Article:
I wrote a blog post – what’s next?
You’ve written a blog post – great! It feels good doesn’t it? Now that it’s written and published, obviously people will be flocking to read it…?
Sorry to burst your bubble, but that’s not going to happen, unless you’re a worldwide celebrity or member of the blogging Illuminati. For us mere mortals, the work does not stop when that blog post is published. The world is not eagerly awaiting your latest words of wisdom. “If you build it, they won’t come” is the truth of the matter.
I’ve previously written about the benefits of blogging for your business, how to generate ideas and write consistently. It’s worth a reminder here that blogging is not about self-promotion. It’s about providing useful, relevant content that your target audience finds interesting – and cultivating that audience over weeks, months and even years.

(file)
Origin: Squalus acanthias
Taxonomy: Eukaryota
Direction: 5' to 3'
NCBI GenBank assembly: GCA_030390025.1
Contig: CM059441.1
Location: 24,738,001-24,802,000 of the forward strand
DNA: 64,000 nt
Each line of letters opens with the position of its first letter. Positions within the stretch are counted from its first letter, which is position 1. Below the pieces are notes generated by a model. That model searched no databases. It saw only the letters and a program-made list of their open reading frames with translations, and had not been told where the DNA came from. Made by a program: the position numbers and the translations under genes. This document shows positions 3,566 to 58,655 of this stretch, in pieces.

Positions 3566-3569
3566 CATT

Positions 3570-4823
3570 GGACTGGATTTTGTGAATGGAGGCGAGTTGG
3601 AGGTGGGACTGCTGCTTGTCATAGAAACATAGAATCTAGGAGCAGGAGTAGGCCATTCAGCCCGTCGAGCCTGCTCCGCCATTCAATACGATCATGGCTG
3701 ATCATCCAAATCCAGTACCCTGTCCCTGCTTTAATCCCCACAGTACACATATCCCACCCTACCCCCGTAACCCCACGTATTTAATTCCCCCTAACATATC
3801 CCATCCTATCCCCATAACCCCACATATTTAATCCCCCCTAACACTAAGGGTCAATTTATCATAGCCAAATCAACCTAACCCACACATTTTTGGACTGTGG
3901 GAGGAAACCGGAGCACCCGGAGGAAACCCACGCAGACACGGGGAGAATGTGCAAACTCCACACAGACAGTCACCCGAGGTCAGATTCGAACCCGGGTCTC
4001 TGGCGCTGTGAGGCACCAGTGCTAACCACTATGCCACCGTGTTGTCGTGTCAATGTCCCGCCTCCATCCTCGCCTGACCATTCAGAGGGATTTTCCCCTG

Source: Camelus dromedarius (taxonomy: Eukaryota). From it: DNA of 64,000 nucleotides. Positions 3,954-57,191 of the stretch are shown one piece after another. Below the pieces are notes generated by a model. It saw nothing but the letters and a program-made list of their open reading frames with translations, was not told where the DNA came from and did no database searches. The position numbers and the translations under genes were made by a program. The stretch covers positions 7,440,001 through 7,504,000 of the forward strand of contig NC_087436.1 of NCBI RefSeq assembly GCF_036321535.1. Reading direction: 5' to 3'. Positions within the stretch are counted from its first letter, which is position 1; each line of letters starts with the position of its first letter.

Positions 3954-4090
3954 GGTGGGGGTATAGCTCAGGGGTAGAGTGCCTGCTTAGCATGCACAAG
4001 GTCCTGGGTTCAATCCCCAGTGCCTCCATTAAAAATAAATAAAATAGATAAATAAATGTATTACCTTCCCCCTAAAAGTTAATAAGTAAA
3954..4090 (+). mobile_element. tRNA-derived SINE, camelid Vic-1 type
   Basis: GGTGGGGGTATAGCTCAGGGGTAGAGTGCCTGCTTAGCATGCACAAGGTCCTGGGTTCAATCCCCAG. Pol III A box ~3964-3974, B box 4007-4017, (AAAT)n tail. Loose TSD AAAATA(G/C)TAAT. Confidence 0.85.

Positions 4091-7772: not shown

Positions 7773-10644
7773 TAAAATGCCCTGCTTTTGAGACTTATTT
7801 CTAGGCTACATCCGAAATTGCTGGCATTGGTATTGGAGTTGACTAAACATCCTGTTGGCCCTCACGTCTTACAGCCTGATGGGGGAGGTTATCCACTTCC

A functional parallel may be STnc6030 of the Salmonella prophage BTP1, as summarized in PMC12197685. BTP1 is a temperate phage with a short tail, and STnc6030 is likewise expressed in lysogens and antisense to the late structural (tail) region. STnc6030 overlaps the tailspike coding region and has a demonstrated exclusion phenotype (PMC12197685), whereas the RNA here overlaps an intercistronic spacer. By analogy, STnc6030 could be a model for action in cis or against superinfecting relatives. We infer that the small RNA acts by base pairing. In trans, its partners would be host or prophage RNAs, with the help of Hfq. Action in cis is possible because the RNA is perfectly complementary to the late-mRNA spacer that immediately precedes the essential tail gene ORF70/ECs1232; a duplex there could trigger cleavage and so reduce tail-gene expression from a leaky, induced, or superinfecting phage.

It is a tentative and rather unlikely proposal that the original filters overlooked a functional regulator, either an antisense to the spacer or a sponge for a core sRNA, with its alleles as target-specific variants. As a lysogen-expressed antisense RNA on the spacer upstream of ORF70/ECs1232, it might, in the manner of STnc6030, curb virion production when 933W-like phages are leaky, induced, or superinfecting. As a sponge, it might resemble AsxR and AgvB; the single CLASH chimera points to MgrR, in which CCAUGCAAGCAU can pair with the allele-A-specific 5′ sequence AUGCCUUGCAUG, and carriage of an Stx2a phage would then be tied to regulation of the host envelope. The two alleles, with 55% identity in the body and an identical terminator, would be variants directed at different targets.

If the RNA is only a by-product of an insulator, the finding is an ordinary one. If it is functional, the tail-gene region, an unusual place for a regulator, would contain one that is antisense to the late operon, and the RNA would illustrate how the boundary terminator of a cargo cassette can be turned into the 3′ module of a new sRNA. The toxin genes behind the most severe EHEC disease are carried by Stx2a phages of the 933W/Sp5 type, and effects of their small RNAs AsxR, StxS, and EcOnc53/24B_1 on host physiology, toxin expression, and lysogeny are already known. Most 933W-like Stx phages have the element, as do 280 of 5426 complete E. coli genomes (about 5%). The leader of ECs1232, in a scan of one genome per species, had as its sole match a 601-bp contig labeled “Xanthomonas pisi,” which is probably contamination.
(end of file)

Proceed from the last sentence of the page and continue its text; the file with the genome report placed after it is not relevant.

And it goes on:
Let’s look at a few ways to get your amazing blog post noticed and read by as many of your target clients as possible.
We are all influenced by others – by what we read, what we watch and listen to. You should develop your own style of writing, just as you have your own ways of speaking and interacting with family, friends and business colleagues.
Don’t try to be someone you’re not – obviously this applies in every aspect of business. People are quick to spot a fake!
Use simple language.
Write as if you’re speaking to a friend or colleague who doesn’t have your level of specialist knowledge – think about how you’d explain something them in simple terms.
Don’t try to baffle people with technical jargon or complex descriptions (unless you are writing solely for an audience in the same industry as you). Always make it conversational and invite feedback.
Promote other blogs and bloggers.